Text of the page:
Matrices also can be obtained by polycondensation reactions, for instance by condensation of benzyl chloride, optionally in the presence of xylylene dichloride under the influence of a Friedel Crafts catalyst, e.g. FeCl3 in, for example, an inert solvent such as nitrobenzene.
According to the invention the polycarbonyl unit may be physically attached to the material, i.e. the polycarbonyl unit forms part of a compound, such as ninhydrin, which is physically sorbed on the material. In that case it is preferred that the material should contain at least 10% by weight of ninhydrin. Further, the products according to the invention may be obtained by steric occlusion of low molecular weight vicinal tri- or polycarbonyl compounds between the chains or in the cavities of the material. Alternatively, ionic polycarbonyl compounds may be ionically attached to the material. It is preferred, however, that the polycarbonyl units should be covalently bonded to the material.
Materials having covalently bonded polycarbonyl units may be prepared in various ways, for instance by starting from a macromolecular material containing a repeating unit having at least one carbonyl group. When use is made of a material having two carbonyl groups per repeating unit, it is preferred that use should be made of a macromolecular material having repeating 1,3-dicarbonyl structural units. By preference the carbon atoms of the carbonyl groups are linked to an aromatic ring system. To obtain the polycarbonyl units it is general practice that the methylene groups adjacent to the carbonyl groups are oxidized. Oxidation may be effected by halogenation, more particularly a bromination, followed by a treatment with a dialkyl sulphoxide. Oxidation is preferably carried out by means of a mixture of a dialkyl sulphoxide, such as dimethyl sulphoxide, and a halogen acid, such as hydrobromic acid.
As other feasible methods of oxidation may be mentioned a treatment with selenium dioxide and catalytic oxidation with air or pure oxygen under the influence of, say, metal halides, such as bromides of cobalt and/or manganese. An alternative method consists of a treatment with nitrite esters, nitrous acid or nitroso compounds, followed by hydrolysis.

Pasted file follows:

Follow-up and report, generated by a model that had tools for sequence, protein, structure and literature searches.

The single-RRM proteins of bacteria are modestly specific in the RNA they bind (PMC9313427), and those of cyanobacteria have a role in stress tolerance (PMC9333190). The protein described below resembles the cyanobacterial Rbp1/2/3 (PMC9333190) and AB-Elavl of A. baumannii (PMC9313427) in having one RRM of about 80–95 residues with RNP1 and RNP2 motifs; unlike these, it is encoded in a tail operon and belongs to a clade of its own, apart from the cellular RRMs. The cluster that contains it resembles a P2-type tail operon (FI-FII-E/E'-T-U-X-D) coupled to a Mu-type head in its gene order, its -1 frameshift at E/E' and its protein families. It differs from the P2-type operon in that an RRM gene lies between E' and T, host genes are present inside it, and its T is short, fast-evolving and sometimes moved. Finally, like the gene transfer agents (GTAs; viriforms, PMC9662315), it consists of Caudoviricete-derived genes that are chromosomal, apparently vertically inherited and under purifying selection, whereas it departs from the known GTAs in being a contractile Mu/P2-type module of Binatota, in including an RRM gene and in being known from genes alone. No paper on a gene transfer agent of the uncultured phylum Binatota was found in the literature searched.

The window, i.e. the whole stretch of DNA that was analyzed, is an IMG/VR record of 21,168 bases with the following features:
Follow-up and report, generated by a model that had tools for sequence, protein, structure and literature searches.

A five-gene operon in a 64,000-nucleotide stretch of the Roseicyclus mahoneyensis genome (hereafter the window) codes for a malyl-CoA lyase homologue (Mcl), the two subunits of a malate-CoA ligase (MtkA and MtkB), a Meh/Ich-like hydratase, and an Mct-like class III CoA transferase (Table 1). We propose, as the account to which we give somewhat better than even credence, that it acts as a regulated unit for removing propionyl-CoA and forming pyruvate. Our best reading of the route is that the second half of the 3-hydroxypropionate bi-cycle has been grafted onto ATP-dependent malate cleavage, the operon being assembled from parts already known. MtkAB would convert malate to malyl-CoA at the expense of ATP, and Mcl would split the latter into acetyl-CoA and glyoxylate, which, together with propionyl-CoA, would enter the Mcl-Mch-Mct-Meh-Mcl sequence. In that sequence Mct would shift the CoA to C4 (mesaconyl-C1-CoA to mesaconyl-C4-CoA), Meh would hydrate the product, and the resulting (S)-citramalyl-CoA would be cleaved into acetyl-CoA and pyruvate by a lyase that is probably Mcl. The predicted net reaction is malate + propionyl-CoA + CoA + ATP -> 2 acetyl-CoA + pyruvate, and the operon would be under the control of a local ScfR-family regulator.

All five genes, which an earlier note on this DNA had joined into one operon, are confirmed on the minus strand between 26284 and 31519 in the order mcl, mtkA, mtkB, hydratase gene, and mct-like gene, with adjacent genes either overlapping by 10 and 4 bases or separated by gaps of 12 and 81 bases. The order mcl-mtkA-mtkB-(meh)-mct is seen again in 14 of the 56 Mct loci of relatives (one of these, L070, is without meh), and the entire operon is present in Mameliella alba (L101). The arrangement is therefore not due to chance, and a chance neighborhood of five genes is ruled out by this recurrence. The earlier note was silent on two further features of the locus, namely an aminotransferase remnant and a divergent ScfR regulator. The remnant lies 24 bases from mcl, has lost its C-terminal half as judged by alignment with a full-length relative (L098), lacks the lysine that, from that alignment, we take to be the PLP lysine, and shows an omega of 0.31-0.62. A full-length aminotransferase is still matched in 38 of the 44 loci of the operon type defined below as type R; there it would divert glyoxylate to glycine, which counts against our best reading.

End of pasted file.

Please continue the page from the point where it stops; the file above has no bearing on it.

A suitable, specific method of preparation comprises the following steps:
1. a macromolecular material with aromatic ring systems is reacted with an acid halide containing 3-5, preferably 3, carbon atoms;
2. the resulting carbonyl compound is in accordance with the Willgerodt or Willgerodt-Kindler reaction with sulphur and ammonia and/or an amine at a temperature between 50° and 250° C., preferably between 80° and 220° C., converted into an amide;
3. the amide obtained is hydrolysed;
4. the carboxylic acid thus prepared is directly cyclized with the aid of, for instance, polyphosphoric acid or after conversion into the acid halide cyclized by means of a Friedel Crafts reaction; after which
5. the cyclized product prepared is oxidized with the aid of one of the afore-mentioned oxidizing agents to give the material with polycarbonyl units.
Another suitable method or preparing a material having covalently bonded polycarbonyl units consists in that: